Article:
Looking into a branch of the Mabee family led me to harness racing in Tillsonburg during the early decades of the 1900s. Three names stood out: Jack M. Climie, Charles Henry Mabee and Dudey Patch.
Jack M. Climie was everywhere – as a driver, race starter and caller at the harness racing track at the Tillsonburg Fair Grounds. A plaque in town honours his service to the Tri-County Agricultural Society, hosts of the annual fair. Then, in my search results, Dudey Patch in connection with J. M. Climie. What’s this about?
J. M. Climie drove five year old Dudey Patch in his first ever race, in Tillsonburg in 1936. Dudey Patch, I thought, must be related to Dan Patch, the American harness racing superstar of the early 1900s. Yes, a grandson. His sire was Gilbert Patch, Dan Patch’s son, and his dam unknown.
Dudey Patch moved on to Prince Edward Island and trainer Joe O’Brien. With Mr. O’Brien, he broke pacing records until he retired in 1941. He was named to the Canadian Horse Racing Hall of Fame in 1998.
Jack Climie was married to Marie Ailene Mabee. She was a first cousin of Charles Henry Mabee. His father, George Henry, was the eldest of Oliver Pitt Mabee and Mary Laur’s ten children. Marie’s father, Frederick, was the youngest.
Their lineage intersects with my grandmother’s four generations back, with half brothers Frederick and Silas Mabee. Charles and Marie’s line comes from Frederick, son of Simon Mabee and his first wife Marie Landrin. My grandmother Murel Mabee Anger was the great-great granddaughter of Silas, son of Simon Mabee and his second wife.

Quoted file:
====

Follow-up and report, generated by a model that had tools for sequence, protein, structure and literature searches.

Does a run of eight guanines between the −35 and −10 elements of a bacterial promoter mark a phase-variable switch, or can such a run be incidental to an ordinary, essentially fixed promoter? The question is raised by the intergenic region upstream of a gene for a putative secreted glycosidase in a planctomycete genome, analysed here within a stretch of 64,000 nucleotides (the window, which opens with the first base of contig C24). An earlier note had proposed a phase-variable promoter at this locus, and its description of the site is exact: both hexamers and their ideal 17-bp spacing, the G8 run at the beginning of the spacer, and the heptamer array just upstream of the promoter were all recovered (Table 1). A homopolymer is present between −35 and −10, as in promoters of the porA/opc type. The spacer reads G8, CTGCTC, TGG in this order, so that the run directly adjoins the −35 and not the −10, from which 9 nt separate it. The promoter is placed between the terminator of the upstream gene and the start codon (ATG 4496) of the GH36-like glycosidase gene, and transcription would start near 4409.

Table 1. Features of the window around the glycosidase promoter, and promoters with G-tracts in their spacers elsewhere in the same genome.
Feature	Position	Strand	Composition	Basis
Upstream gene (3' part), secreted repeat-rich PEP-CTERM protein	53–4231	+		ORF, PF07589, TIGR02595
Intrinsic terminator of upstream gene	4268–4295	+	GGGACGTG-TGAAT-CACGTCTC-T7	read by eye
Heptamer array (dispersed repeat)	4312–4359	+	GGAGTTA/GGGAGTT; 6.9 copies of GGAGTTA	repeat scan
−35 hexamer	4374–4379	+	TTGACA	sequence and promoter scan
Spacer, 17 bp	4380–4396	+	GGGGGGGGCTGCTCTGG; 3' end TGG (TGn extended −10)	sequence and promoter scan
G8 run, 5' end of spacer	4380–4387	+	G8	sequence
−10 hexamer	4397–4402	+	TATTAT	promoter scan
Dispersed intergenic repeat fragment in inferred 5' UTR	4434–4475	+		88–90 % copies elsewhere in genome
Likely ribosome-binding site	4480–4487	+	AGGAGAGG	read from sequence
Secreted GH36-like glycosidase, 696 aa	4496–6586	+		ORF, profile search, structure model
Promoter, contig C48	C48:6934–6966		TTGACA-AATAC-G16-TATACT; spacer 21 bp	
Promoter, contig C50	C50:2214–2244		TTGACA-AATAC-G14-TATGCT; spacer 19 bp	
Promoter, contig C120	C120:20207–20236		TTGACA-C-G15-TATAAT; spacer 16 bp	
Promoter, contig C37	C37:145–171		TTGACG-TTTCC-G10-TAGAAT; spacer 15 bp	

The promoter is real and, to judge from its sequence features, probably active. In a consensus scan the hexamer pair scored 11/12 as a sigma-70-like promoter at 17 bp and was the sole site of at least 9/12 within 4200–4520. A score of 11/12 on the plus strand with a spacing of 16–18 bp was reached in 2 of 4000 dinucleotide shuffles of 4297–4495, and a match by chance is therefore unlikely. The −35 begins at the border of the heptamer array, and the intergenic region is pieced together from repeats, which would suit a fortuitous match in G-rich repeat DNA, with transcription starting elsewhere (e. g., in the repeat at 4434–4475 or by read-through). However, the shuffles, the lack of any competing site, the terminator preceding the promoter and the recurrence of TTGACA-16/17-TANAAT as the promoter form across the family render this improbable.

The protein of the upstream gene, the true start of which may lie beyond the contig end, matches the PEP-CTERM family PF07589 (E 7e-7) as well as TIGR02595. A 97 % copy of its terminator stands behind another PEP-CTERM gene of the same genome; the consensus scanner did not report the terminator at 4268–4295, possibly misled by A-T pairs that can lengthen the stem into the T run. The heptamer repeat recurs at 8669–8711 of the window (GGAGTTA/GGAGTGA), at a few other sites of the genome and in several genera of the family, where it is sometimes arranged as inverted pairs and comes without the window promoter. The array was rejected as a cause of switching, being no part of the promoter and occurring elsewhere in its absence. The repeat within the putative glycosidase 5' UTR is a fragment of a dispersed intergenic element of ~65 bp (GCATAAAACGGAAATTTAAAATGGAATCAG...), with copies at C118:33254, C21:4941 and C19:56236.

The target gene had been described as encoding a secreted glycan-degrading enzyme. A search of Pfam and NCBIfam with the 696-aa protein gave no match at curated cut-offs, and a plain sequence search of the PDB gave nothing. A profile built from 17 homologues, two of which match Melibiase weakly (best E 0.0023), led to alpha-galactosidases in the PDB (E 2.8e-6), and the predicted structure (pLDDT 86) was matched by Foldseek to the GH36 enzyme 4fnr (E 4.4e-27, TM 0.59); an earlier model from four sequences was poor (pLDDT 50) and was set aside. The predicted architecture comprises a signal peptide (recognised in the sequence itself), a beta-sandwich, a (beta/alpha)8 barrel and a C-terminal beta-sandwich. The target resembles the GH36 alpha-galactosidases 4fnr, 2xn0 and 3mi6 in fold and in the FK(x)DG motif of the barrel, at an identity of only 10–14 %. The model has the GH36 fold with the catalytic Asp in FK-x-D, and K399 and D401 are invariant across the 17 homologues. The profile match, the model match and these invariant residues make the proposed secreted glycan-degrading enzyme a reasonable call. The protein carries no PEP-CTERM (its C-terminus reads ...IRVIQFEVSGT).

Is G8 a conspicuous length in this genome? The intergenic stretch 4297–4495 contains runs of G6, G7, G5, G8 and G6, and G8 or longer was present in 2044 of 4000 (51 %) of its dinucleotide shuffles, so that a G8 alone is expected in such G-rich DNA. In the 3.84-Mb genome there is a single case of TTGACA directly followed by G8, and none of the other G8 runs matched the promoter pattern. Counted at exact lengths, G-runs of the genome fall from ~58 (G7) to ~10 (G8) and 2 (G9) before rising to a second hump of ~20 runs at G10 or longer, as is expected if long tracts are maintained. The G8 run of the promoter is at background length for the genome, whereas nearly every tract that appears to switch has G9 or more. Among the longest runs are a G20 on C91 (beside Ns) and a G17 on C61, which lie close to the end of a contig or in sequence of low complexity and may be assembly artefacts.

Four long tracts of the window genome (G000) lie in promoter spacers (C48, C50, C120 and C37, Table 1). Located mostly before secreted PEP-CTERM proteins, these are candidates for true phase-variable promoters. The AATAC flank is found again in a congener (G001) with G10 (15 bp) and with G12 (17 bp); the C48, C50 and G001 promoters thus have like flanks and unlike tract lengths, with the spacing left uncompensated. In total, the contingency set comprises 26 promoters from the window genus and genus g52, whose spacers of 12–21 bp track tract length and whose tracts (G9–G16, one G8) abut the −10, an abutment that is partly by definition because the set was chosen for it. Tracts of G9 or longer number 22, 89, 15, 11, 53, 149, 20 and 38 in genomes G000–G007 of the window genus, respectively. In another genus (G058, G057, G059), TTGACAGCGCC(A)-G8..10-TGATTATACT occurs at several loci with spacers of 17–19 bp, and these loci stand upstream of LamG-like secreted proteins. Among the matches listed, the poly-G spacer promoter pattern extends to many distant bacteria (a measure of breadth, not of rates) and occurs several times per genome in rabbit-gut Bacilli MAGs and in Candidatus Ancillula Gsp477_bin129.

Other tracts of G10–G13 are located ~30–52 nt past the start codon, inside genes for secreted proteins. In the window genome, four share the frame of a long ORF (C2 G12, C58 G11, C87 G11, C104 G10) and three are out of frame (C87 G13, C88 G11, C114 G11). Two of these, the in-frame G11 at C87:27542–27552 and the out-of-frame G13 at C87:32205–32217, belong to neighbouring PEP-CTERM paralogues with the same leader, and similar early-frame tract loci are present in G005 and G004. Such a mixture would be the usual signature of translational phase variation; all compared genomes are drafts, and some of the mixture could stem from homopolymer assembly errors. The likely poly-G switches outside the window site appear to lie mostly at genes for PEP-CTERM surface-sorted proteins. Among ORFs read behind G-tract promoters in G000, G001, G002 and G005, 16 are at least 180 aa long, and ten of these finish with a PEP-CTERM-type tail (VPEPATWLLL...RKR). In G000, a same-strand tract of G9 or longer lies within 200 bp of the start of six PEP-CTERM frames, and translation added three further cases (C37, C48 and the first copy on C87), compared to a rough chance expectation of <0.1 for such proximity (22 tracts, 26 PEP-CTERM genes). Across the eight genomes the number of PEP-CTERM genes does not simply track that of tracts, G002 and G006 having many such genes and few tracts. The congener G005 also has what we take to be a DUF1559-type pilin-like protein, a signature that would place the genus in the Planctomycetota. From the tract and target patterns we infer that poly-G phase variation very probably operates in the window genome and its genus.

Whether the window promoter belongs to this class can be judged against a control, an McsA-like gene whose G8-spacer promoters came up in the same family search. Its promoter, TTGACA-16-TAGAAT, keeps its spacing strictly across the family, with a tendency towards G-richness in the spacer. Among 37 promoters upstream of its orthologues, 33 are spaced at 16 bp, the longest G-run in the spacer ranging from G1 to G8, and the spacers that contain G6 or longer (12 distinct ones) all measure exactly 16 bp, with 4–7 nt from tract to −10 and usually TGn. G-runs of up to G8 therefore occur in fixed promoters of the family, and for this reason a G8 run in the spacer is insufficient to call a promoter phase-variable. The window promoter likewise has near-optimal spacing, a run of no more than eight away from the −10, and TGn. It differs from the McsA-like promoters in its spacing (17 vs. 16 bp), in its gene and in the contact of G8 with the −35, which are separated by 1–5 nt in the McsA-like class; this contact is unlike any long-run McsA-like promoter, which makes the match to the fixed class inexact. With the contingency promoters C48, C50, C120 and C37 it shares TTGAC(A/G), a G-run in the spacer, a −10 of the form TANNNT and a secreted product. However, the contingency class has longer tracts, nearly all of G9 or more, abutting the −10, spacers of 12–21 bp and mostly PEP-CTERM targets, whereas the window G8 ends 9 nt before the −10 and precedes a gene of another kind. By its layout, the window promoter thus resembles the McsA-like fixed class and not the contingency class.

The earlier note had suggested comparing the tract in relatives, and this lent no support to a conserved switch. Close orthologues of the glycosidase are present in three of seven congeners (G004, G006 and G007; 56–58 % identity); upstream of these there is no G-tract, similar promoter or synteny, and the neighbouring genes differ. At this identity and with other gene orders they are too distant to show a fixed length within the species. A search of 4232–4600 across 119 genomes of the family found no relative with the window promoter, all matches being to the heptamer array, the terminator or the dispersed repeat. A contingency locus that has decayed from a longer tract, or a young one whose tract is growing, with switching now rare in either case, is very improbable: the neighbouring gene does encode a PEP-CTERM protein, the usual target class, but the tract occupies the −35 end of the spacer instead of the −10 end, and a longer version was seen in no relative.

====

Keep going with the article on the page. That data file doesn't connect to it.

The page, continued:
Charles Henry Mabee’s five siblings all died in their teens or younger. He married Frances Elizabeth Bradburn and they had three children. He died at age 45, after an accident at the Tillsonburg track in May 1916.
Bert Newman, in More Reminiscences About Tillsonburg, writes:
I believe the man who was best known in Tillsonburg horse racing circles was Charlie Mabee. He was a former mayor of Tillsonburg, and he kept a string of horses. He drove all his own horses, too. I remember his boys and I went to school with one of them, Basil. One day Charlie was working a horse on the track when it stumbled or something. He was thrown over the sulky and fell onto the track, breaking his neck. He died right there on the race track. [1987:24]
Tillsonburg Race Track
Mr. Newman describes the Tillsonburg track and races at the time:
Right across from the grandstand was the judges’ stand, with the wire stretched across in front. All the judges would be in there – three or four of them. The starter would have a big megaphone in his hand and his duty was to get these horses off to an equal start. It was very difficult in those days because sometimes they’d come down to the wire all scattered out. Many times I saw the judge call them back. They would try again, sometimes three or four times…
In later years all the trouble with getting horses started was eliminated by the use of a starting gate. I believe Art Whitesell and Jack Climie had much to do with inventing a starting gate to use on the Tillsonburg track. [1987:23]
My googling also turned up a recent book about Tillsonburg’s history. It’s Tillsonburg Album: A photographic history by Matthew Scholtz, available in Tillsonburg or on this website.